Over the weekend, in between NoFluffJustStuff sessions, I was busy working on adding the 'client' strategy for persistent page properties. In Tapestry 3.0 and earlier, there was a single strategy: persistent page properties are stored into the HttpSession.
Starting in Picasso (4.0), you can specify that a persistent property is stored on the client instead of in the session (on the server). It looks like this:
<property name="foo" persist="client"/>
Once this is in place, and once a change occurs to the
foo property, all links and forms in the application will generate additional query parameters (or hidden fields) to track the value of foo. Actually, it uses a single query parameter per page to store all client persisted properties on that page.
It may still need some tweaking; already I can see that the URLs can get very long, very quickly. For example, after setting a couple of properties on a couple of pages of the Workbench:
http://localhost:8080/Palette.direct?component=%24Border.pageLink&session=T&sp=SChart& state:Fields=H4sIAAAAAAAAAFvzloG1XI6BgYGRgUE8OSczNa8kLDEnMyWxJDM%2FzzUvMSknNaW4iEEwK7E sUS8nMS9dzyk%2FPyc1Me%2BsQlHD1Tm%2F3jExMEYxsJYl5pSmVhQwAADTbn6TTwAAAA%3D%3D&state:Pale tte=H4sIAAAAAAAAAFvzloG1nJuBgYGRgYGlOL%2BopLiIQSe%2FKF0vsSAxOSNVrySxILW4pKhSLzk%2Fr6Qo M0mvIDEntaQkVS8YqNY3PyW1qyv4%2BsQ1f%2FczMTBUFDEoImlNzs%2FNzc8r1stJzEvXS80rzdVzBRI%2FbV d5bjYMq2JiYPRhYM30S8xNLWEQ8slKLEvUB6nUDwZak5duXVFQwsDq4%2Bjk6gMAGprRD6MAAAA%3D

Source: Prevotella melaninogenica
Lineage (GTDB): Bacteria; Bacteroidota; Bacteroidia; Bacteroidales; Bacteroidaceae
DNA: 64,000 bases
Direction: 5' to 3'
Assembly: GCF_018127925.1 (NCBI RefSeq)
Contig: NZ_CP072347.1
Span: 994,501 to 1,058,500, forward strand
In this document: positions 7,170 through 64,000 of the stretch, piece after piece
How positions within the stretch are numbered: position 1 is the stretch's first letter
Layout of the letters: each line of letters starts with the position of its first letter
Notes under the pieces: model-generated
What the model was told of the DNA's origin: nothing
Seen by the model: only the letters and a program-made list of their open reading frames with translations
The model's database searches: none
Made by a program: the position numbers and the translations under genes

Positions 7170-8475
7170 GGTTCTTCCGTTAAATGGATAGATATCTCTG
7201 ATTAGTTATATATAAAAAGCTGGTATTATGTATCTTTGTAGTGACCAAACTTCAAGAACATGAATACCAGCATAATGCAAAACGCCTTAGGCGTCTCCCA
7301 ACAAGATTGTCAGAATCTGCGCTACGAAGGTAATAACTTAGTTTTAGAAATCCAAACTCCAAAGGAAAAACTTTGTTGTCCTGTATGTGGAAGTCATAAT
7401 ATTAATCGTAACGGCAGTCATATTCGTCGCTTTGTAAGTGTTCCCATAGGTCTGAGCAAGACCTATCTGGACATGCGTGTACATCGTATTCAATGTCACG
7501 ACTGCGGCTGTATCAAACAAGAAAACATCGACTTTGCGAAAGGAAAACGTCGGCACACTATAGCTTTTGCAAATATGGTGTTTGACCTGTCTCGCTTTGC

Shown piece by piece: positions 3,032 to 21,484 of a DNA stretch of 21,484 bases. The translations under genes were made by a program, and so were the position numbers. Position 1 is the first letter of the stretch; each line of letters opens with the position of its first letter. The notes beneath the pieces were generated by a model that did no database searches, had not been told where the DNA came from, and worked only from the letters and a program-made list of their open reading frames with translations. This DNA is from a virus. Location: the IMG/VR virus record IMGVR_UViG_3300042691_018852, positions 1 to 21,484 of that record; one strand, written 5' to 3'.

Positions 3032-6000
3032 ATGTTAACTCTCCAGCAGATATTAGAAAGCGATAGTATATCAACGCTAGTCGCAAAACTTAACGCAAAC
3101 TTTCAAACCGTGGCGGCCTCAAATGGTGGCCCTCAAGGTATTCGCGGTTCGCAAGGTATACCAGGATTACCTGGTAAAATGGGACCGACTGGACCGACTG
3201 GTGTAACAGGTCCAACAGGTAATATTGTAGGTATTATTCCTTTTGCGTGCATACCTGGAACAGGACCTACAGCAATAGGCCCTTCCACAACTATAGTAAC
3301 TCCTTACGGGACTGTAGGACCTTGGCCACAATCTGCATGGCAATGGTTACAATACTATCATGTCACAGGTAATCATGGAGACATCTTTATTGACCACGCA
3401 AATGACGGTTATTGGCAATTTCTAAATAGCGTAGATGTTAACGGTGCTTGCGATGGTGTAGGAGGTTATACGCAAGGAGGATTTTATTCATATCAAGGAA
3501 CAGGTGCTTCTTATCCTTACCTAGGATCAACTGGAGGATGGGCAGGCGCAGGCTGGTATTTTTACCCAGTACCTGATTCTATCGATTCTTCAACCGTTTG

Given the practical limit of 4000 characters in a URL (don't ask me for references on that), this could be a problem.
The strategies are defined by a configuration point which is, of course, extensible. I expect to add more strategies. For example, a strategy that stores data on the client only until the there is a server-side session, then stores data on the server instead. Or, with some minor tweaks to the APIs, a strategy that store persistent property data, but only inside forms, not inside link URLs.
Drew Davidson has kludged into Tapestry 3.0 some other lifecycle options; he has pages that keep their state as long as the direct service is used, but when the page service is used (to leave a group of related pages), the persistent state for those pages is discarded.
I've been thinking of another option, where different versions of a page's state are stored on the server, and a token comes up in the request to indicate which state is used. This could go a long way towards automatically handling the browser-back button problem ... browser back to an earlier state, and continue working from that state. Actually, properly handling the browser-back button (and perhaps that duplicate form submit scenario) may take a mix of techniques.